I shouldn’t keep getting pulled back into the Limbaugh debate, which is becoming increasingly surreal, but some of the arguments being made in his defense are just maddening. Here’s Hanson:

When commentators bring up Limbaugh’s private life in contrast to Obama’s picture-perfect image, they only emphasize the superficial.

By commentators, Hanson means Frum, who made the unusual move for a Giuliani supporter of emphasizing the importance of the effect of a person’s private life on his public image and the image of the cause he professes to serve. Frum had the bad manners to state bluntly what everyone knows, which is that Limbaugh is hardly a paragon of restraint and self-discipline, and that he does not actually live the life of marriage and family that most conservatives think are central to any sane ethos. (To Limbaugh’s partial credit, at least he tends not to describe conservatism in moral or cultural terms, so one cannot accuse him of preaching a message he does not believe.) By comparison, as so more than a few conservatives, both sympathetic and hostile, noted during the campaign, Obama’s private life seems to be a stable one built around his marriage and children, and indeed one might say that many of the choices he made over the years were directed by a desire for stability and some measure of permanence. If we grant that symbolism, image and “branding” are what matter for most voters, which person would you want as your leading public figure?

Hanson brings up Obama’s church, which is predictable enough, but it’s an odd thing to bring up. Even on this point of comparison, Limbaugh loses by any serious conservative standard. Limbaugh made a joke during his speech the other day that God thinks He is Rush Limbaugh. Yes, it was a joke. It was also blasphemous, and just the sort of thing you might expect from a non-observant individualist. There were more than a few people on the right who held forth quite confidently about what religious beliefs Obama did and did not “really” believe, whether his conversion was sincere or politically-motivated, whether he was a Christian and if so whether he was an orthodox one. Do they think Limbaugh would stand up to similar scrutiny very well? Or would that also be superficial?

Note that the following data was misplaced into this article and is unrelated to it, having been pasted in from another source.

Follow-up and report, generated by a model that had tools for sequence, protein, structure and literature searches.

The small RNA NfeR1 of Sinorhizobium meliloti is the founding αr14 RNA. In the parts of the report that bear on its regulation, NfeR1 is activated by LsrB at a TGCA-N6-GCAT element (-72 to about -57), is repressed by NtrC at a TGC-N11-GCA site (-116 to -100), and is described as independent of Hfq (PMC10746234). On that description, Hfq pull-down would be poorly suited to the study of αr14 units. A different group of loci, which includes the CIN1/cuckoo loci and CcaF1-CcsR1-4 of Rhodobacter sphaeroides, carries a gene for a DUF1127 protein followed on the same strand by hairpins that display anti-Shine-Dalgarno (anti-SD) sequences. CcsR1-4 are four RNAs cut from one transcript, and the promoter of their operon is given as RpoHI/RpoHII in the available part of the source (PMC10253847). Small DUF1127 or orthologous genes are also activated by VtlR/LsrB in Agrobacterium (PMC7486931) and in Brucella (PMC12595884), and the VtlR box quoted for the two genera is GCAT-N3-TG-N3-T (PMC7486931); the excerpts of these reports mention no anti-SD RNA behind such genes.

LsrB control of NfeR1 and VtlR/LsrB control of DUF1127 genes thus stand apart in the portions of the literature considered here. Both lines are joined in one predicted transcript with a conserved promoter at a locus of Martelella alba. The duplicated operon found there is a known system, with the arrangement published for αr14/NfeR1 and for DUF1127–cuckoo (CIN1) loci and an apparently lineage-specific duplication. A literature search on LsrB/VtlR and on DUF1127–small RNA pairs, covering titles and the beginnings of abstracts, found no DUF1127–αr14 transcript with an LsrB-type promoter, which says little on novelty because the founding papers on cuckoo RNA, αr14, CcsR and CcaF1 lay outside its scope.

One wonders whether there were many conservatives during ’99-’00 who would have said that it was “superficial” that Bush was a reformed alcoholic, born-again Christian who had remained faithful to his wife of several decades in contrast to the President he was replacing. Maybe it was politically irrelevant, but many conservatives put a great deal of stock in the character argument as an argument for Bush (to a large extent because he had so few qualifications for the job he was seeking, as we unfortunately discovered later). In fact, during those immediate post-impeachment election years the theme of restoring integrity and dignity to the White House was an explicit campaign theme repeated time and again by supporters of then-Gov. Bush.

But why go back to 2000? Does anyone remember what happened just last year? Wasn’t it Palin’s personal biography, and specifically her family and her children, that made her the focus of such intense loyalty and support as well as criticism and hostility? Didn’t conservatives make her family life into a central argument for why she had credibility on social issues, despite her complete lack of any record on these issues when it came to policy? Didn’t conservatives primarily celebrate her because of who she was and how she lived, rather than what she had done (which necessarily wasn’t much)? However, when it comes to Limbaugh, this is suddenly a superficial way of looking at a public figure, because it does not work to the advantage of the talk show host.